Even the most careful of horses can accidentally injure themselves when being ridden, and boots and bandages are often required to provide protection. Horses with poor or faulty conformation can be particularly accident-prone, as can young or unfit horses that need to be given more time to develop the strength they need to avoid hitting themselves.
When it comes to buying boots we are spoilt for choice. The shelves of tack shops are groaning with a huge range but brushing boots for the front and back legs are one of the most common. Brushing boots can help protect a horse from knocking the inside of his fetlock with the opposite hoof. However, it is important to buy a set of brushing boots that fit properly to avoid rubbing, and that offer sufficient protection to prevent bruising and laceration.
Brushing boots should be quick and simple to put on and take off again and also easy to keep clean. The outer material is usually leather, neoprene or some other synthetic material. Although leather is strong and provides excellent protection it must be soft and well maintained to avoid rubbing and pressure sores. Whilst neoprene provides a cushioned layer it must be thick enough to provide sufficient protection and ideally have an absorbent lining.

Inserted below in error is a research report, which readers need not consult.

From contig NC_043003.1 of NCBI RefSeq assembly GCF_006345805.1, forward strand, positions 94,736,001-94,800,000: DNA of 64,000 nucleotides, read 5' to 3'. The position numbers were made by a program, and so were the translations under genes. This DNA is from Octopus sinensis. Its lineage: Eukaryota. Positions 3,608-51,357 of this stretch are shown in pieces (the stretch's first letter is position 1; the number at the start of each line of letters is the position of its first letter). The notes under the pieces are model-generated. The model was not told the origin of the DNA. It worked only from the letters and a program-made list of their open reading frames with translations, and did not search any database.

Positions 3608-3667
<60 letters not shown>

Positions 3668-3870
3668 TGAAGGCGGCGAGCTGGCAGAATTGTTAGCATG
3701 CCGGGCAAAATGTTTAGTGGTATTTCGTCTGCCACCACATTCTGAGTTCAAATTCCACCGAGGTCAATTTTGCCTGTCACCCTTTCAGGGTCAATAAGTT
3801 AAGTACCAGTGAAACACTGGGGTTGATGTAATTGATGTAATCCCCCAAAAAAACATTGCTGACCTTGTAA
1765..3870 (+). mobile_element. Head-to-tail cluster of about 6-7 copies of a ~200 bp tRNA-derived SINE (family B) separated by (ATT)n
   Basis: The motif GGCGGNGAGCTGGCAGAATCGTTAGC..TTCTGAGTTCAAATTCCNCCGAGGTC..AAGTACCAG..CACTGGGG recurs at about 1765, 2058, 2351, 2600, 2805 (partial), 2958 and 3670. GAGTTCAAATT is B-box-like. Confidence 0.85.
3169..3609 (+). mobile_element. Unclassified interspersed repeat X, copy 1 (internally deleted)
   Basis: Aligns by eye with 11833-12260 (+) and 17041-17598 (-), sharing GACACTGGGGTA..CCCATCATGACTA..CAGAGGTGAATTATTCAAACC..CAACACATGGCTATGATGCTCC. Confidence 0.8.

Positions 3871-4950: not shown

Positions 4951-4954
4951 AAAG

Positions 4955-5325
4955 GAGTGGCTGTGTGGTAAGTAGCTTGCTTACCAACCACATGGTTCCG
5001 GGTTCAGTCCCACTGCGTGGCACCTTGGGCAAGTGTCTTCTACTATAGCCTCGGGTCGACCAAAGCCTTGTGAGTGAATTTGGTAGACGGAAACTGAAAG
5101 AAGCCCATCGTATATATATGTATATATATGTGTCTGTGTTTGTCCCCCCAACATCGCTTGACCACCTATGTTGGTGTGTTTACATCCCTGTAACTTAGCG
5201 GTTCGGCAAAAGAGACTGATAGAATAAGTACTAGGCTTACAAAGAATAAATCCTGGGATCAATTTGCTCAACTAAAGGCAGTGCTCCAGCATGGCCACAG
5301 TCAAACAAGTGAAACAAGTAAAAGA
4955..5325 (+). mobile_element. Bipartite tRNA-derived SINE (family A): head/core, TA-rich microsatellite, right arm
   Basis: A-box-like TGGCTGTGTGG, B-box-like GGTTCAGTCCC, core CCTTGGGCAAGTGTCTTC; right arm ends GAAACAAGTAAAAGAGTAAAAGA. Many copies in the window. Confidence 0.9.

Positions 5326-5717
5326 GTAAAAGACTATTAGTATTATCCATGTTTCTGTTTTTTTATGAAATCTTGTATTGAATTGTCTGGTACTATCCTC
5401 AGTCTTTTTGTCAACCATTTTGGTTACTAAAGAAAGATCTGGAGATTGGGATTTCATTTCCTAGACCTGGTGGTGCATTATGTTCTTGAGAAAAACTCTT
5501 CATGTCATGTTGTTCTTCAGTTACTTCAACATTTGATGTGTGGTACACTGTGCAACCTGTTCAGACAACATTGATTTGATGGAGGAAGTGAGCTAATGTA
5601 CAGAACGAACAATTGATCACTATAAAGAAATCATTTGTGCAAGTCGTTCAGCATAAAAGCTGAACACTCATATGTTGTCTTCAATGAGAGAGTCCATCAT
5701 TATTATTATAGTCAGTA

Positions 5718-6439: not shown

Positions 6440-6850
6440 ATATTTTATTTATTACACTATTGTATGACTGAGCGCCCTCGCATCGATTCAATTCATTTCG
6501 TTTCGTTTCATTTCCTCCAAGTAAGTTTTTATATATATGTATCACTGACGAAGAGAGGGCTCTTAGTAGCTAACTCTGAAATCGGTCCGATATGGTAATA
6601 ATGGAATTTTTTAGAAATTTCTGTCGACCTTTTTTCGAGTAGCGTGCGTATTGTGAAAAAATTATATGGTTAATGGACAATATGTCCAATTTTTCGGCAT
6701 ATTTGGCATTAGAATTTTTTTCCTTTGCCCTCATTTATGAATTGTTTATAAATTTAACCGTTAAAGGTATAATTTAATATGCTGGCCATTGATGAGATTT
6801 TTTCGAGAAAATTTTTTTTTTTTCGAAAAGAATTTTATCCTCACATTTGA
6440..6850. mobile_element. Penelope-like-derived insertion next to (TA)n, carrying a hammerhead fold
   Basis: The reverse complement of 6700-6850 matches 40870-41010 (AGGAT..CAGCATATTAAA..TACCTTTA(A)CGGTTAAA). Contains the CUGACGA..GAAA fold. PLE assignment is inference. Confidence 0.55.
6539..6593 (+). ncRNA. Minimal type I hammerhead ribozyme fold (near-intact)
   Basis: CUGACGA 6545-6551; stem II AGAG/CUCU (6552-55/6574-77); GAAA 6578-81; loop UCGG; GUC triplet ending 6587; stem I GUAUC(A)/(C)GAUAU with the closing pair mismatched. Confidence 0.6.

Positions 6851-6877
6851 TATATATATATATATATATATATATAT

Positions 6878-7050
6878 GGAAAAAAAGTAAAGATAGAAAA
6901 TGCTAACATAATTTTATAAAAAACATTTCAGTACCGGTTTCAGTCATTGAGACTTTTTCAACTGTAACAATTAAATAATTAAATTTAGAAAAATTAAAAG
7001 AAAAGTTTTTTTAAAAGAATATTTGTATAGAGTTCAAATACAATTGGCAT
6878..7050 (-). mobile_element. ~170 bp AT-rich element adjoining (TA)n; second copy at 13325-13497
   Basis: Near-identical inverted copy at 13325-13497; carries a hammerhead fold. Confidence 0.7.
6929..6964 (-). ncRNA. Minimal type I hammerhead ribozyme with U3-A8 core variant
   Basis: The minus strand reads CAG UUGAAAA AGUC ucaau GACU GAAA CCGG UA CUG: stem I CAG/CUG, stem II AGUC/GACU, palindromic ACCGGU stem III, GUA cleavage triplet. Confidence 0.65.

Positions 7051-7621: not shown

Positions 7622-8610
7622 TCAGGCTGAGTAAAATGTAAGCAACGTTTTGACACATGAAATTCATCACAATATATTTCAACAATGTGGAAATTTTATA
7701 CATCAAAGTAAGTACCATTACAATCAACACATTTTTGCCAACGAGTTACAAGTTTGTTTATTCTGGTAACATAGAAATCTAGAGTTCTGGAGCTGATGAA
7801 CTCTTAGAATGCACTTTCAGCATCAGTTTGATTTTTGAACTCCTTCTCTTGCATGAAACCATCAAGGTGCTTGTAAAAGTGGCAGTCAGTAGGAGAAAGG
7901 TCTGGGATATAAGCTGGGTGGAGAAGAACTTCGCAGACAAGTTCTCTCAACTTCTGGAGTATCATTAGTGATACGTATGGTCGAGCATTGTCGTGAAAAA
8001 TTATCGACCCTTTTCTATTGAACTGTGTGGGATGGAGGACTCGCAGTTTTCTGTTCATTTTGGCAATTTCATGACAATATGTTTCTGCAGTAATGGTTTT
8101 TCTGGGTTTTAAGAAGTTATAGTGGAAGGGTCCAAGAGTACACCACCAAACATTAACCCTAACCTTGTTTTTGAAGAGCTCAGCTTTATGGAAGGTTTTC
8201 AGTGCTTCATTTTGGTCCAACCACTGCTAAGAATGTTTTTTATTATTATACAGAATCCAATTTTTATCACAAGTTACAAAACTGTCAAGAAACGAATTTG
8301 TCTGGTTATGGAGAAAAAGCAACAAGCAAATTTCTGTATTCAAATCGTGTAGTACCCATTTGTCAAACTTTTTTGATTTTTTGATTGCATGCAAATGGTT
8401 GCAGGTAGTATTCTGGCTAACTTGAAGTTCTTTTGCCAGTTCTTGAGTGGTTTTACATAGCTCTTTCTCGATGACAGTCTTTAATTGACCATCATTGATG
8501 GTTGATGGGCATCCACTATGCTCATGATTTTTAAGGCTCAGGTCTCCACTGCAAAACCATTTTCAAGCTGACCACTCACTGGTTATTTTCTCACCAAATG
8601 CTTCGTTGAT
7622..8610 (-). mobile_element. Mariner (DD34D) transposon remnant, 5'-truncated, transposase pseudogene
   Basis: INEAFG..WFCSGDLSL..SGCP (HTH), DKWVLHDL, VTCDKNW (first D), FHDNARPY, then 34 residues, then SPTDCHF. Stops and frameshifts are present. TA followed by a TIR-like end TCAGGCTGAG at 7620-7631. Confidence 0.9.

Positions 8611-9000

Most boot manufacturers use Velcro or Velcro-style fastenings, which are sometimes referred to as ‘hook and loop’ or ‘touch and close’ fastenings. Double Velcro straps that overlap will be more secure than single straps and it’s probably best to avoid buckles, as they can be very fiddly, particularly on a cold morning when your fingers are stiff.
Look for machine-washable boots and to help the Velcro straps maintain their stickiness it is advisable to stick the straps together before putting them into the machine. This will help to prevent them picking up mud, grit and dirt during the wash cycle. You can also clean the straps afterwards using a special Velcro brush. Some boots can be rinsed off under a tap or in a bucket of water, and others are quick drying, but whichever boots you buy make sure you clean them after each time they are worn.
Select a design and contour of boot that suits your horse’s type and conformation best and that won’t impede his movement in any way. Boots are also available in a material that will mould itself to the shape of the horse’s leg but check that there are no areas that can rub.
It is worth remembering that all boots should only be worn for short periods. If worn for a long time, particularly in muddy or wet conditions, they can cause soreness and irritation. When storing the boots keep them in their pairs to avoid mixing up the front and hind-leg sets and accidentally putting them on the wrong leg. When fitting the boots, fasten the middle strap first and work upwards, then downwards ensuring there is even pressure all the way. When removing boots, unfasten the bottom strap first, and then work upwards.
Author: Andrea McHugh